The Germans are revolting.

And so it begins.

When Mangum principium came out (which increased the role of bishops conferences in the preparation of liturgical translations), I mentioned that the Germans are usually the problem.  HERE

Now there’s this from the Catholic Herald.  My emphases and comments.

Cardinals Marx and Sarah disagree on Magnum Principium

Two cardinals have disagreed over how much authority the Pope’s motu proprio Magnum Principium gives to local bishops’ conferences.

The papal document gives bishops’ conferences greater say over the translation of liturgical texts, changing the role of the Congregation for Divine Worship from one of recognitio to confirmatio. However, two senior cardinals have disagreed over the exact meaning of this difference.

Cardinal Reinhard Marx, president of the German bishops’ conference, welcomed the document, implying that it was a clear break with the 2001 document Liturgiam authenticum, which he called a “dead end”[Marx is wrong.  Magnum principium did not cancel out the norms of Liturgiam authenticam.]

“Rome is charged with the interpretation of dogmas, but not with questions of style. Now, thanks to Magnum Principium, episcopal conferences enjoy a much greater freedom,” he said.  [But they are not free to make inaccurate translations.]

He also hinted that the German bishops had dropped a proposed new translation of the Mass that was more faithful to the original Latin text, with much of the controversy centring around how to translate the words “pro multis”.  [The problem is that they are not free in the matter of translations of sacramental forms.  That is reserved to the Holy See, indeed to the Pope.]

The words appear as part of the phrase “qui pro vobis et pro multis effundetur in remissionem peccatorum” in reference to the Precious Blood during the consecration of the wine in the Roman Canon.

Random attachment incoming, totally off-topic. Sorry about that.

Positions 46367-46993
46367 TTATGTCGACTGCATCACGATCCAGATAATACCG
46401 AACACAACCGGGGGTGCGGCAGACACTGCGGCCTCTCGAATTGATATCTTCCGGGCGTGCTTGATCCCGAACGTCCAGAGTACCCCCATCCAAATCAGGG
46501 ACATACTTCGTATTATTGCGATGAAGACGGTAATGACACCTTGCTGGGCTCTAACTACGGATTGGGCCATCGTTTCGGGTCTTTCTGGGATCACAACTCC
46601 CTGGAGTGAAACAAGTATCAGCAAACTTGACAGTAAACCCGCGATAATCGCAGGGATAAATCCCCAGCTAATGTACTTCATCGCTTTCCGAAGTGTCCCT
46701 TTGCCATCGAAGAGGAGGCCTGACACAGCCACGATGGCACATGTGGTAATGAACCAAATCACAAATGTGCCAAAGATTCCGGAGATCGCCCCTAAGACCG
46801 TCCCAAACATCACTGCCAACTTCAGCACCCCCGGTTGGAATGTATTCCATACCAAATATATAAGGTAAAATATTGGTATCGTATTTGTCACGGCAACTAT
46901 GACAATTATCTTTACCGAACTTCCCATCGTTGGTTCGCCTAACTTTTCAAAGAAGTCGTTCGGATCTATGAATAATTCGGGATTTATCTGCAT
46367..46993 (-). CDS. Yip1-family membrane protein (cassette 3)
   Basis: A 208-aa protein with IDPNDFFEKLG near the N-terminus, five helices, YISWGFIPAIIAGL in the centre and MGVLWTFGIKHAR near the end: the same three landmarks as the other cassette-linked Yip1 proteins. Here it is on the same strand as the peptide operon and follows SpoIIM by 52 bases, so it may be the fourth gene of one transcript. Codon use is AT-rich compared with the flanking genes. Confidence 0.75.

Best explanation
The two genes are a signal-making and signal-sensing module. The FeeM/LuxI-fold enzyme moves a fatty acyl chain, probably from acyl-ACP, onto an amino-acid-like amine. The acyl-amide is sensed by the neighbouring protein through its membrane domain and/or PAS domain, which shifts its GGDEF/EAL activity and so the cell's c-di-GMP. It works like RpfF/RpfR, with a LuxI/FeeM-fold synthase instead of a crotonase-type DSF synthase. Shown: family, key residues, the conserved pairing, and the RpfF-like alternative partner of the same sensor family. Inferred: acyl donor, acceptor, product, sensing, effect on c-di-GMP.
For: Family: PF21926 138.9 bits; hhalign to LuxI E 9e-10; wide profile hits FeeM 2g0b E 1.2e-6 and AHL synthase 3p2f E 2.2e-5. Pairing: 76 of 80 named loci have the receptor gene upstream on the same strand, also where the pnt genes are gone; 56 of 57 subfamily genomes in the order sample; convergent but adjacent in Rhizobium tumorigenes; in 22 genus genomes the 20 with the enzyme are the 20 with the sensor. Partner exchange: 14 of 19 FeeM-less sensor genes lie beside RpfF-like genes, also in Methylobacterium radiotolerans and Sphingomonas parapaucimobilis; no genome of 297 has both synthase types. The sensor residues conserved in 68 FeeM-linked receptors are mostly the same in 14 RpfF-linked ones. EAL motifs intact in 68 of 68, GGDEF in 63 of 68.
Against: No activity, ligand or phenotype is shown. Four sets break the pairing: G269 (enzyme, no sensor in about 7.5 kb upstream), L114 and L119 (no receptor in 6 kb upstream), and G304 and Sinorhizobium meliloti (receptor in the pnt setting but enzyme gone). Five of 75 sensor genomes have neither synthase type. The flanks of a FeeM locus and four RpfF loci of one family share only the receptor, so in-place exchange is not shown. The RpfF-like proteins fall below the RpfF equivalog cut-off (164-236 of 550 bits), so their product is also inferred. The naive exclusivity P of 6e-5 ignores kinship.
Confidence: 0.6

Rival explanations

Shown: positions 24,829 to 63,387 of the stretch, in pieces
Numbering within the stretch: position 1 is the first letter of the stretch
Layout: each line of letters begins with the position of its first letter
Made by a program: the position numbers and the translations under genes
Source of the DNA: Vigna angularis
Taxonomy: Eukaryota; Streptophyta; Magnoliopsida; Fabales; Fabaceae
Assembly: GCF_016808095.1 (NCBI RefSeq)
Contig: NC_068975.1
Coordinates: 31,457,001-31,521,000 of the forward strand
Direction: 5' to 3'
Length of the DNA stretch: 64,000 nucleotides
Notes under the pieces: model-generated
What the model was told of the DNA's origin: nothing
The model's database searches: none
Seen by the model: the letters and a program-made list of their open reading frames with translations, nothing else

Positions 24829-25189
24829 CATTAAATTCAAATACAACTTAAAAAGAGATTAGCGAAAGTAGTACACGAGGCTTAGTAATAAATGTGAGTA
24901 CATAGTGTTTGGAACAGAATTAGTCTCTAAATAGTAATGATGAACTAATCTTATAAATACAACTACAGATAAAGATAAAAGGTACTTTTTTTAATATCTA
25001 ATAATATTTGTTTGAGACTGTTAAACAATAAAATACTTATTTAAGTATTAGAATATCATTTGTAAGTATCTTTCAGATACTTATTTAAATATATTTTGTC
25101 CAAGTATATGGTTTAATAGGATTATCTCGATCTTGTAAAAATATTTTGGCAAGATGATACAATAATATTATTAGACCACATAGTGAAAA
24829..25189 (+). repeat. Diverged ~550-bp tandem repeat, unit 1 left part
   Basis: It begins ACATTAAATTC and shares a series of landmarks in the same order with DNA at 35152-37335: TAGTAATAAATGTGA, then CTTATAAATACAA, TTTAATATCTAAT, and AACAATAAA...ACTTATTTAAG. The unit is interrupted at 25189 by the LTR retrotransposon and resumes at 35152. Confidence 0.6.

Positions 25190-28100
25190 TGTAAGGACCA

The most accurate English translation is “for many”, but many translations, including Spanish, Portuguese and German, initially rendered it [inaccurately] as “for all”.

In 2006, the Holy See gave instruction that all vernacular editions of the Roman Missal should translate the words as “for many”, pointing out that it is also the most literal translation of the original Greek “???? ??????” in Matthew 26:28.  [While that is the case, it must also be noted that the Roman Catechism has a paragraph explaining why we cannot say “pro omnibus”.  Moreover, its perennial use in Mass also constitutes its own theological locus.]

The change met with opposition from the German bishops, however, prompting Pope Benedict XVI to write a personal letter in 2012 explaining why they should adopt the new translation. [They ignored him.]

Now Cardinal Marx has signalled the German bishops will use Magnum Principium as an opportunity to drop the new translation and keep the old, less literal version. [It will not, cannot be approved if it doesn’t adhere to the translation norms which are, still, in Liturgiam authenticam.]

Cardinal Robert Sarah, on the other hand, has said ultimate authority still lies with the Vatican, which must still approve all new translations, and can veto proposals that are not faithful to the original text.

The Prefect of the Congregation for Divine Worship said the new motu proprio does not reduce the body to a mere rubber stamp.

“Like the recognitio, the confirmatio is by no means a formality,” the cardinal said.

Instead, it “presupposes and implies a detailed review on the part of the Holy See” including the ability to refuse assent unless certain modifications are made.

“So, for example, if, in the Creed of the Order of Mass, the expression: ‘consubstantialem Patri’ is translated in English by: ‘one in Being with the Father’, the Holy See may impose – and even must impose (cf. n. 6) – the translation: ‘consubstantial with the Father’, as a condition sine qua non of its confirmatio of the entirety of the Roman Missal in English.”

Magnum Principium, then, is simply a question of making “collaboration…between the Apostolic See and Episcopal Conferences easier and more fruitful.”

“… easier… more fruitful…”

Yeah, this will easily be a lot fruitier.

Canonical link: The Germans are revolting.